Some smartphones are touch-based; others use the QWERTY keypad, whilst many boast of both (inbuilt and standard keypad). Each mobile application on a smartphone serves a unique function with different navigation and complexity. The first and foremost task of the writer is to understand the smartphone interface and the working of the various mobile applications on the smartphone.

Understand the Target Audience

The smartphone audience is active and web-savvy. They often use the mobile phone as an “on the go” pocket-sized computer. They require the most relevant information within a few seconds. The skills of a writer involve gathering fundamental or key information for such an audience and avoiding verbosity.

Design a Template

While creating the style sheet, a writer needs to keep in mind the limited display space of the mobile interface. The writer must appropriately define the stylistic elements, for example, font type, font size, font color, and spacing; to achieve little or no scrolling.

Develop a Table of Contents

The Table of Contents (TOC) is an essential garment of any documentation. In a smartphone, it is sometimes difficult to navigate back and forth across screens. The TOC should therefore be succinct and easy to maneuver.

Devise New Terminology

A technical writer must develop appropriate terminology that would suit the mobile user’s temperament. The terminology used to describe a task on a mobile must be spot on, depending on the type of smartphone: touch-based, QWERTY, or both.

Some of the major conflicts in terms of verbiage that a writer needs to resolve are:

  • Tap or Touch?
  • Touch or Select?
  • Tap or Type?
  • Enter or Type?
  • Slide or Drag?
  • Expand or Enlarge?
  • Window or Page or Screen?
  • Hold or Press?

Write it Right

The writer must exercise expertise in writing, editing, and rewriting the content to make it short and comprehendible. Procedures have to be short and to the point and the content must be skillfully divided into meaningful sections. A major chunk of effort involves maintaining links to related sections or to additional information. However, too many links can make navigation difficult.

Create Minimalist Documentation

While writing content for a smartphone, the aim of a writer is to adopt a minimalist approach with optimal usage of words and phrases. Minimalist documentation does not imply providing less information; it denotes isolating relevant and important information and presenting it concisely through an appropriate template and language.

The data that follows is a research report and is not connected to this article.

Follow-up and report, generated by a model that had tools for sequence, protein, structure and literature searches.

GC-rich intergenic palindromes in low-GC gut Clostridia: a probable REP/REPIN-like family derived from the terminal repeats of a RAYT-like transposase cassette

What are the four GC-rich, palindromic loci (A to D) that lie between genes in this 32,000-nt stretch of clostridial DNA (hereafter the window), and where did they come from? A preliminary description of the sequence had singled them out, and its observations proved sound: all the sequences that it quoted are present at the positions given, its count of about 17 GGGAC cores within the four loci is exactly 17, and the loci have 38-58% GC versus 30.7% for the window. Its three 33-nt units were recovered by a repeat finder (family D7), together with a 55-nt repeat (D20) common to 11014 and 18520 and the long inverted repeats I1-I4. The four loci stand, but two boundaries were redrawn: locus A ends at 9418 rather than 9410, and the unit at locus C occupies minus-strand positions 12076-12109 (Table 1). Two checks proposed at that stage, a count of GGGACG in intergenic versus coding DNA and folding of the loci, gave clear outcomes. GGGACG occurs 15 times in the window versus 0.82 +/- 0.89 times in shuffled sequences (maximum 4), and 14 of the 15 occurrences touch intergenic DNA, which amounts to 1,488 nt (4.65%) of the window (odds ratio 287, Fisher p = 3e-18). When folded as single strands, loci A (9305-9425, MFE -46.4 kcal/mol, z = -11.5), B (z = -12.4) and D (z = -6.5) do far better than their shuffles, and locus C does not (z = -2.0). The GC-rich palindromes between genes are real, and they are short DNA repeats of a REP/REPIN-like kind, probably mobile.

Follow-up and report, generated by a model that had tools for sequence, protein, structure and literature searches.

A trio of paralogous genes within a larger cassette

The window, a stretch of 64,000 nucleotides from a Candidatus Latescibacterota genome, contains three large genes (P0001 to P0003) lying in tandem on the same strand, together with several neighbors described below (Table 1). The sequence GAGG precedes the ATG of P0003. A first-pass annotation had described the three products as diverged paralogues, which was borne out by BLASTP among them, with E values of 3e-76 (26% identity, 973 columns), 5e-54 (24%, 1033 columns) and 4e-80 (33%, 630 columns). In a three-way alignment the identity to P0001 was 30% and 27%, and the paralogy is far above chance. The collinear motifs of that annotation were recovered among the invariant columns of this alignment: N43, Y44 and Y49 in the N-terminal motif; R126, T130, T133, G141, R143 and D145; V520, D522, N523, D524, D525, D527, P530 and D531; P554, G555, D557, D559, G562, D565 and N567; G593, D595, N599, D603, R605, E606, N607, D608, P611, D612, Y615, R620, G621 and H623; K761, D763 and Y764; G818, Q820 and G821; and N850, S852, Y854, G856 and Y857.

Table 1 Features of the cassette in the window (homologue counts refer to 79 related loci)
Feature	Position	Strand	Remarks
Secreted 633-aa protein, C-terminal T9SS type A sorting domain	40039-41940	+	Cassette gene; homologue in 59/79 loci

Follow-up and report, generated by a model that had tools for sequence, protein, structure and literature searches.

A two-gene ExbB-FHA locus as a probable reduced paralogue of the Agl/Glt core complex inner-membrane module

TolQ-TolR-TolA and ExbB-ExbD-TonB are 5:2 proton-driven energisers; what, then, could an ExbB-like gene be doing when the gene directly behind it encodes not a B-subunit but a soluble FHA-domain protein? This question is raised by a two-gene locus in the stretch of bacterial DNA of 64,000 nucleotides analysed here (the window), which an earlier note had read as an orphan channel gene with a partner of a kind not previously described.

To achieve minimalism, the writer can:

  • Use short and descriptive titles for the topics.
  • Create micro-concise instructions for difficult concepts and provide links to more information.
  • Avoid too many graphics as they are difficult to accommodate in a small screen.

Design Graphics that Fit

Using images can be a bit tricky so it is best to keep them to a minimum. However, while designing graphics, the writer must ensure that they fit the available screen space and are compatible with different screen display types: 1-bit, 2-bit, and full color. Large detailed images are best avoided as they might lose resolution and obstruct the main content. Black and white images with simple shapes and clean lines are appropriate and go well with all color schemes.

Develop an efficient “Search” system

Searching for information on a touch-based smartphone is not an easy job. One method of making information accessible is to create context-sensitive topics along with an exhaustive index. The writer must work with the developers to design a quick and effective search system.

Some Android phones offer means to maximize the search functionality by enabling users to download applications that “enable deeper searching”. Users can configure the tool to search for specific information. “Any application that you’ve installed that has searchable items (such as Twitter, eBay, and Amazon Kindle) can also be enabled from this screen.”

To search for information within the phone, users need to tap the Search option and select the relevant location on the search tool.

Google Gesture Search is another such tool which enables users to search for information with almost a single tap on the screen. Using the Settings window, users can configure which section needs to be searched.

Tools and Technologies

A number of tools can be used for creating documentation for mobile devices: Adobe RoboHelp 8.0 or above versions, Madcap Flare 6.0 or above versions, Author It, and FastHelp. (This whitepaper focuses on the use of Adobe RoboHelp 8.0 and Madcap Flare 6.0)

The help files and manuals can also be transferred through cloud storage. In other words, the files can be uploaded to the cloud and then accessed from mobile devices.

Adobe RoboHelp 8.0